Wesley Emblidge ‘17 / Emertainment Monthly Assistant Movies Editor
Jack O’Connell instantly became one of our most exciting new actors in last year’s prison drama Starred Up. However, he lost a bit of that glow with the forgettable Unbroken, in which he’s fine but doesn’t reach anything near the raw intensity we saw he was capable of. Well, in Yann Demange’s thriller ‘71, O’Connell proves that Starred Up wasn’t just a fluke and that he’s one of the most talented young stars working today.
O’Connell plays Gary Hook, an English soldier deployed to the streets of Belfast in 1971 during riots between Catholics and Protestants as part of The Troubles. When the riots get too extreme the soldiers retreat, but they leave two men behind: Hook, who escapes, and another soldier who is shot point blank in the head. Hook is lost in a town he’s just arrived at and in a political climate he has no stake in. He’s an outsider, and one that is being hunted by some of the more aggressive Catholics.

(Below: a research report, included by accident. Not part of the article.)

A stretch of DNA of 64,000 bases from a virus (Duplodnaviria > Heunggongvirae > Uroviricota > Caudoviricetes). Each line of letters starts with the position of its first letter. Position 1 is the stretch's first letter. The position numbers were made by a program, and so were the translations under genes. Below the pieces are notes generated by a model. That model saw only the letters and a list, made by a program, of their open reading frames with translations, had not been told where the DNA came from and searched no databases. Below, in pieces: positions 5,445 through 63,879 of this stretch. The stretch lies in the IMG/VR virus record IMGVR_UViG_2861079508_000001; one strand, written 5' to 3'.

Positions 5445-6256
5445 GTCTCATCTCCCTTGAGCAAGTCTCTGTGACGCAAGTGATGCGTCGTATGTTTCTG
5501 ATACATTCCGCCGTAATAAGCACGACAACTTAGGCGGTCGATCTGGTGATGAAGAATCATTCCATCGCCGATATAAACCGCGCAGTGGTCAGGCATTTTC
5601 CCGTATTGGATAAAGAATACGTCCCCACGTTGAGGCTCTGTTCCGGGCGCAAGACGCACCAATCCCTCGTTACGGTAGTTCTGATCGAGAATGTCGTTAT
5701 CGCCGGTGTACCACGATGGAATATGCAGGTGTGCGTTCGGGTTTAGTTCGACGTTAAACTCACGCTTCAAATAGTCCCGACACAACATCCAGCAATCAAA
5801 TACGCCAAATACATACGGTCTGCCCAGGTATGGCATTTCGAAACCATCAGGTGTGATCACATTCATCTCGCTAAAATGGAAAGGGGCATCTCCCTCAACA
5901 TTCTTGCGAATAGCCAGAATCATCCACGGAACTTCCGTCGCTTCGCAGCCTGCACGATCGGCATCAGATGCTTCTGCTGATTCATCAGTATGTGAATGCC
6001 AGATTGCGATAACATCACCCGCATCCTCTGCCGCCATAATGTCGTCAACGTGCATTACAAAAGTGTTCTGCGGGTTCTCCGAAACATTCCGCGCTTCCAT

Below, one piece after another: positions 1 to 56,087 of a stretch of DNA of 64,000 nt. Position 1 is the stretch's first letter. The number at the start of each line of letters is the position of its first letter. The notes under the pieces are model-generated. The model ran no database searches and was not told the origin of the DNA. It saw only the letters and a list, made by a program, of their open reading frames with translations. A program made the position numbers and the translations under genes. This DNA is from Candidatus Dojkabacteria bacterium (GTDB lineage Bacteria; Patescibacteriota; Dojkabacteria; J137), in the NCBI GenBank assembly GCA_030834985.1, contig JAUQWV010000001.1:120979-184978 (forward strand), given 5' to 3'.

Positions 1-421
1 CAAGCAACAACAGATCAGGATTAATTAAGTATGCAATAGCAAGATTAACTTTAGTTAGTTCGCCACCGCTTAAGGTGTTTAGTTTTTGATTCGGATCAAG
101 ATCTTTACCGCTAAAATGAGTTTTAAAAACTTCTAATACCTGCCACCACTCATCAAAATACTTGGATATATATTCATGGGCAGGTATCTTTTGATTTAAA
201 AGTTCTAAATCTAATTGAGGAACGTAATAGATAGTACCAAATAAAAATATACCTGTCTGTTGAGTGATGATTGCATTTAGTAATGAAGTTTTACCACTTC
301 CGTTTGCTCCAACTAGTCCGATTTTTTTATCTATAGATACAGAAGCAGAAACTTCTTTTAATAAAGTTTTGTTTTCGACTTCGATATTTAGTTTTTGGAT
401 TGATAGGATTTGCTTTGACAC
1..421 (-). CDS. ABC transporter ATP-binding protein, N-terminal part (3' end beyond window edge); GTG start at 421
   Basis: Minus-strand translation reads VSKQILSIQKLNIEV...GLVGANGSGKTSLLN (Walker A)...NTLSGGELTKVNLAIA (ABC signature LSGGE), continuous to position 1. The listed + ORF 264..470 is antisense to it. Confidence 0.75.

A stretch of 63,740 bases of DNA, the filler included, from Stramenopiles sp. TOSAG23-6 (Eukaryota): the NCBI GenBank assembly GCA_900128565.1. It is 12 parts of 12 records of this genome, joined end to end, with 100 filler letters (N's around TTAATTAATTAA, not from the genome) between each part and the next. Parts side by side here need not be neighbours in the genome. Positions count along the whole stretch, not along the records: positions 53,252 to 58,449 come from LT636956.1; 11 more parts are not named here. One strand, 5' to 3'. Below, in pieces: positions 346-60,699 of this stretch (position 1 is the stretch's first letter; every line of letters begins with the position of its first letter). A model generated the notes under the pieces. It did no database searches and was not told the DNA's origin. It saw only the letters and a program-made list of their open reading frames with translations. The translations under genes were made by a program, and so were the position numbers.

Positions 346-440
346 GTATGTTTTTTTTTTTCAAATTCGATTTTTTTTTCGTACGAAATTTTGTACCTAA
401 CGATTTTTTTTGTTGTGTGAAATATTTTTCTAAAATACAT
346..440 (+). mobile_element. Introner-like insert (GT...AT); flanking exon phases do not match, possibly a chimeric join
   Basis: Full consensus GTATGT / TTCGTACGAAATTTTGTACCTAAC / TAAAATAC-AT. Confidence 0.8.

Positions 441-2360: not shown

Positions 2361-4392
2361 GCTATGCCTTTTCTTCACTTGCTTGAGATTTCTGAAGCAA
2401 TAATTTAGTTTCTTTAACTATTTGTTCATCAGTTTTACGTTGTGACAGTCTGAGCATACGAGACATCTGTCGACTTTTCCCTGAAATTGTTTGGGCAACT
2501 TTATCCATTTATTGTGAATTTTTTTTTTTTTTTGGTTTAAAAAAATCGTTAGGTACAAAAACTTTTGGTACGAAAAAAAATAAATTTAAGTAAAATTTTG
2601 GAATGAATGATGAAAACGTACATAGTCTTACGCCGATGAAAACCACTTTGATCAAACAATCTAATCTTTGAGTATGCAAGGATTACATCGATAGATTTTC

It’s a somewhat standard thriller setup, but one that director Yann Demange (making his feature debut here) and writer Gregory Burke effectively strip down to the basics, keeping it refreshingly unconvoluted. Demange might be criticized for a reliance on shaky-cam, but unlike most action filmmakers, he uses it purposefully to confuse us as much as Hook, rather than just because it’s easy. Demange and Burke do solid work, but their star is what holds the film together.
What’s key to O’Connell is that he’s a physical actor, one who doesn’t need big monologues to get a point or emotion across. ‘71 has no interest in giving him much dialogue at all, and so for much of the film we learn everything he’s thinking just through his face and his body language. The film opens with him boxing, soaked in sweat, and panting heavily. He goes through a lot of torment throughout the film and makes it all stick; he’s limping through the final frames. Starred Up gave him a lot of scenes to talk, here he has no more than a handful of lines.
Nothing much in ‘71 is revolutionary, but it’s refreshingly small-scale and O’Connell reaffirms his talent in a whole new way. Demange will be going places too, with his police corruption movie The Seven Five already set up at Sony.
Overall Grade: B